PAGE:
Why do this problem?
This problem invites students to look at a few examples, notice and explain patterns, and then generalise. Many questions about sequences just look at a single variable. As each beach hut contains several linked numbers, there are several different sequences to spot and explain.
Display the first image of beach huts.
"Here is a sequence of beach huts. Take a moment to look at them and see what you notice."
"Now turn to your partner and discuss what you noticed. Did you see the same things?"
"With your partner, see if you can agree what the next beach hut in the sequence might look like."
Once students have had a chance to draw the next beach hut, take some time to discuss everything they noticed, and agree as a class how the numbers in a hut are related and how each hut is related to the previous one.
Here are some questions that you may wish to invite students to explore:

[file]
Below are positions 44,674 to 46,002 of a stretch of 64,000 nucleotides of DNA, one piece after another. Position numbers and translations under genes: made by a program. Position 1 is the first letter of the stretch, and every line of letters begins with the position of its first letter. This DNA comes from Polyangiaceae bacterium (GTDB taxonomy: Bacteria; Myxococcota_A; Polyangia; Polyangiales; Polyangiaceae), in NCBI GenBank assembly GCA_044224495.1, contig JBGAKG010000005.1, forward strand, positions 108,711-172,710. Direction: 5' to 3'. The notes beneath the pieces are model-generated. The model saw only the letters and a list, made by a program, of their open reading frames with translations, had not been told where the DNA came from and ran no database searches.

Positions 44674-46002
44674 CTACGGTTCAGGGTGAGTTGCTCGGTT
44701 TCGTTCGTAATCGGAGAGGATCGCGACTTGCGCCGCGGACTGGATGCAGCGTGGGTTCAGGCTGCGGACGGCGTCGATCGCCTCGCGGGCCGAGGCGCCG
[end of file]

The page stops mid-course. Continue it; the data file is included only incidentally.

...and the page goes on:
- If you know any pair of numbers from a beach hut, can you work out the other two numbers?
- Can you find a sequence of beach huts where two adjacent huts have the same roof number?
- If you know the numbers in a hut, how can you work out the numbers of the fourth hut to the right of it? Or the 10th? Or the 100th...?
- If you know the numbers in a hut, how can you work out the numbers of the sixth hut to the left of it? Or the 12th? Or the 100th...?
- If you know the numbers in a hut, how can you work out the numbers of the seventh hut to the right of it? Or the fifth hut to the left of it? Or the 99th in either direction...?
To work on these questions, students could generate sequences of beach huts of their own and look for rules linking the numbers between huts. You may wish to introduce an algebraic representation where the middle two numbers in the hut are $a$ and $b$, and invite students to work out other terms in the sequences algebraically.
At the end of the session, bring the students together and set them a challenge: "Here is a beach hut. Without drawing all the huts in between, quickly draw for me the 5th and 8th hut to the right." If you have mini whiteboards the students could draw their huts and then hold them up to see if everyone agrees. Finally, invite students to compare how they worked out the numbers.
Encourage students to draw the next few beach huts in the original sequence and look for as many different patterns as they can, before trying to explain those patterns.
Challenge them to go both to the right and to the left.